The criteria for diagnosing an adult with sepsis do not apply to infants under one month of age. In infants, only the presence of infection plus a “constellation” of signs and symptoms consistent with the systemic response to infection are required for diagnosis (Oski’s Pediatrics, 2006).
[edit] Treatment
The therapy of sepsis rests on antibiotics, surgical drainage of infected fluid collections, fluid replacement and appropriate support for organ dysfunction. This may include hemodialysis in kidney failure, mechanical ventilation in pulmonary dysfunction, transfusion of blood products, and drug and fluid therapy for circulatory failure. Ensuring adequate nutrition, if necessary by parenteral nutrition, is important during prolonged illness.
A problem in the adequate management of septic patients has been the delay in administering therapy after sepsis has been recognized. Published studies have demonstrated that for every hour delay in the administration of appropriate antibiotic therapy there is an associated 7% rise in mortality. A large international collaboration was established to educate people about sepsis and to improve patient outcomes with sepsis, entitled the “Surviving Sepsis Campaign.” The Campaign has published an evidence-based review of management strategies for severe sepsis,[4] with the aim to publish a complete set of guidelines in subsequent years.
Early Goal Directed Therapy (EGDT), developed at Henry Ford Hospital by E. Rivers, MD, is a systematic approach to resuscitation that has been validated in the treatment of severe sepsis and septic shock. It is meant to be started in the Emergency Department. The theory is that one should use a step-wise approach, having the patient meet physiologic goals, to optimze cardiac preload, afterload, and contractility, thus optimizing oxygen delivery to the tissues.[5]
In EGDT, fluids are administered until the central venous pressure (CVP), as measured by a central venous catheter reachs 8-12 cm of water (or 10-15 cm of water in mechanically ventilated patients). If the mean arterial pressure is less than 65 mmHg or greater than 90 mmHg, vasopressors or vasodilators are given as needed to reach the goal. Once these goals are met the central venous saturation (ScvO2), i.e. the oxgyen saturation of venous blood as it returns to the heart as measured at the superior vena cava, is optimized. If the ScvO2 is less than 70%, blood is given to reach a hemoglobin of 10 g/dl and then inotropes are added until the ScvO2 is optimized. Elective intubation may be performed to reduce oxygen demand if the ScvO2 remains low despite optimization of hemodynamics. Urine output is also monitored, with a goal of 0.5 ml/kg/h. In the original trial, mortality was cut from 46.5% in the control group to 30.5% in the intervention group.[5] The Surviving Sepsis Campaign guidelines recommends EGDT for the initial resuscitation of the septic patient with a level B strength of evidence (single randomized control trial).[4]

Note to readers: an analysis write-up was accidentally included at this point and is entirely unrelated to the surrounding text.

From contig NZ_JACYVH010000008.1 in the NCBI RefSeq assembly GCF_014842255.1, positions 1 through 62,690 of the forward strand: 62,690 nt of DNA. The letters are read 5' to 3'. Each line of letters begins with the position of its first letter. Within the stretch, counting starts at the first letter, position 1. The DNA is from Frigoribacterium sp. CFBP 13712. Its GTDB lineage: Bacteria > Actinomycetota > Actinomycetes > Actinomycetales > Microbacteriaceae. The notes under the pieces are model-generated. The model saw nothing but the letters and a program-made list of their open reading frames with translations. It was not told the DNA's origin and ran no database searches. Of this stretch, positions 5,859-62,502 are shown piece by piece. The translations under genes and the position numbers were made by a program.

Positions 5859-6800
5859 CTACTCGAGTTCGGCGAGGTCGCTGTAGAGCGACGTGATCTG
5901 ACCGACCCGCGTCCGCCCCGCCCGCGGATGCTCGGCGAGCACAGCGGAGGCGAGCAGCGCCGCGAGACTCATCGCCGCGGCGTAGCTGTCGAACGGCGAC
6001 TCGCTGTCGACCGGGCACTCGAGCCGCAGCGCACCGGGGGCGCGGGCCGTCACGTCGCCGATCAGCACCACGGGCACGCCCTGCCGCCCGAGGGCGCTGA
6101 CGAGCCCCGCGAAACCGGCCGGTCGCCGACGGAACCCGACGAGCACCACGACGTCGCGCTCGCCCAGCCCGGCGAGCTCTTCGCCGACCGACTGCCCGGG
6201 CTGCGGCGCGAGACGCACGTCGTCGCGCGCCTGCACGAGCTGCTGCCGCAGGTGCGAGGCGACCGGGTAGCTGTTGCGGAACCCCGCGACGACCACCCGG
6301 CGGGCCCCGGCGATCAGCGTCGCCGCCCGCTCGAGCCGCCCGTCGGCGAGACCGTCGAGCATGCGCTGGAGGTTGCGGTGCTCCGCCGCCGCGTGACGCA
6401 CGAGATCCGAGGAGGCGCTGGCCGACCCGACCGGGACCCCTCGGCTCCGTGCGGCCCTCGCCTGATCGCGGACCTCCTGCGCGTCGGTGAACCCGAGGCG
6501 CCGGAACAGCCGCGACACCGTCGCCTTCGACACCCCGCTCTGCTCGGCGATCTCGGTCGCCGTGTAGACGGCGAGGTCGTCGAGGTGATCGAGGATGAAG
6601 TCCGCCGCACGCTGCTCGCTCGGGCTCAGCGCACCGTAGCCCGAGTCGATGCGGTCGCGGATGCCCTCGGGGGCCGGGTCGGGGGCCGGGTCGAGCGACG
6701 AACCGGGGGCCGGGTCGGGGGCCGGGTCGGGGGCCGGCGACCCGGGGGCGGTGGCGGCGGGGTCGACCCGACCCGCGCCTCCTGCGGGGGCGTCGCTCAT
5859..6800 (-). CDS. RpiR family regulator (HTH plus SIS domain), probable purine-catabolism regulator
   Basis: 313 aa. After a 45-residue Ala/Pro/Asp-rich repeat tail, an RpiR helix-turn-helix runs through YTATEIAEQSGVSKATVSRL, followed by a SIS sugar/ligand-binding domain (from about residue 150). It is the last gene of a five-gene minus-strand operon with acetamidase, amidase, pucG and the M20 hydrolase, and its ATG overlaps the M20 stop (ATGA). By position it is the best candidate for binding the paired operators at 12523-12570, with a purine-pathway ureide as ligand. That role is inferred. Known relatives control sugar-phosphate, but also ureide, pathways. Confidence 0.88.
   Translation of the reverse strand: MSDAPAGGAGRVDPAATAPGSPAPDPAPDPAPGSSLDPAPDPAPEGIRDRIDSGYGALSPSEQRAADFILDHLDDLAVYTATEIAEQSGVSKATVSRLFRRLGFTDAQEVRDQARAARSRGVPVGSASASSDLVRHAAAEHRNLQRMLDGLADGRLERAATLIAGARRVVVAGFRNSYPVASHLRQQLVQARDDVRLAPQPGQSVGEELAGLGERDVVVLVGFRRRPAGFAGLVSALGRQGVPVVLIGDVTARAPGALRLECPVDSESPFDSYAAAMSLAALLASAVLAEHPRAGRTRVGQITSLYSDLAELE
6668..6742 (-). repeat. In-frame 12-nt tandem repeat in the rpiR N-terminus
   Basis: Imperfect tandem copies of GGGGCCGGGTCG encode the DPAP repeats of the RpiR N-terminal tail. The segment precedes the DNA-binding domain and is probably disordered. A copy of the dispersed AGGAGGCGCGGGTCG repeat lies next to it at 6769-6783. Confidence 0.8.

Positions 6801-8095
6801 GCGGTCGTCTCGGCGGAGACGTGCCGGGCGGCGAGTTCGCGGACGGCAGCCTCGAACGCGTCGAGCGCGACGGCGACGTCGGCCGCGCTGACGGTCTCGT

Most therapies aimed at the inflammatory process itself have failed to improve outcome, however drotrecogin alfa (activated protein C, one of the coagulation factors) has been shown to decrease mortality from about 31% to about 25% in severe sepsis. To qualify for drotrecogin alfa, a patient must have severe sepsis or septic shock with an APACHE II score of 25 or greater and a low risk of bleeding.[6] Low dose hydrocortisone treatment has shown promise for septic shock patients with relative adrenal insufficiency as defined by ACTH stimulation testing.[7]
Standard treatment of infants with suspected sepsis consists of supportive care, maintaining fluid status with intravenous fluids, and the combination of a beta-lactam antibiotic (such as ampicillin) with an aminoglycoside such as gentamicin.
[edit] Related conditions/complications
* Infection is the invasion of normally sterile host tissues by a microbial pathogen.
* Bacteremia is the presence of bacteria in the blood. Bacteremia can occur in sepsis and other serious diseases such as infective endocarditis, bacteremic pyelonephritis or pneumonia and meningitis but it may also be a harmless and transient condition.
* Septic joint is an infection of a joint; it is associated with bacteremia and trauma.
* Disseminated intravascular coagulation (DIC) can be the result of sepsis
* Acute tubular necrosis (ATN) leading to acute renal failure, can be the result of hypoperfusion of the kidneys in sepsis (i.e. not enough blood gets to the kidney and they stop working properly)
* Arrhythmia is an abnormal heart rhythm; it can be the result of sepsis.
* Ileus or ischemic colitis can be the result (hypoperfusion) or cause of sepsis
* Multiple organ dysfunction syndrome can be the result of sepsis
* Meningitis, infection of the tissue that covers the brain and spinal cord, can be a complication or cause of sepsis
* Osteomyelitis is an infection of the bone; it can be the cause or result of sepsis
* Endocarditis, infection of the inner surface of heart which is in contact with blood, can also be a complication or cause of sepsis
* Pyaemia – causes abscesses
[edit] References
1. ^ Martin GS, Mannino DM, Eaton S, Moss M. The epidemiology of sepsis in the United States from 1979 through 2000. N Engl J Med. 2003 Apr 17;348(16):1546-54. PMID 12700374 Full Text.
2. ^ Bone RC, Balk RA, Cerra FB, Dellinger RP, Fein AM, Knaus WA, Schein RM, Sibbald WJ. Definitions for sepsis and organ failure and guidelines for the use of innovative therapies in sepsis. The ACCP/SCCM Consensus Conference Committee. American College of Chest Physicians/Society of Critical Care Medicine. Chest. 1992 Jun;101(6):1644-55. PMID 1303622.
3. ^ Levy MM, Fink MP, Marshall JC, Abraham E, Angus D, Cook D, Cohen J, Opal SM, Vincent JL, Ramsay G; SCCM/ESICM/ACCP/ATS/SIS. 2001 SCCM/ESICM/ACCP/ATS/SIS International Sepsis Definitions Conference. Crit Care Med. 2003 Apr;31(4):1250-6.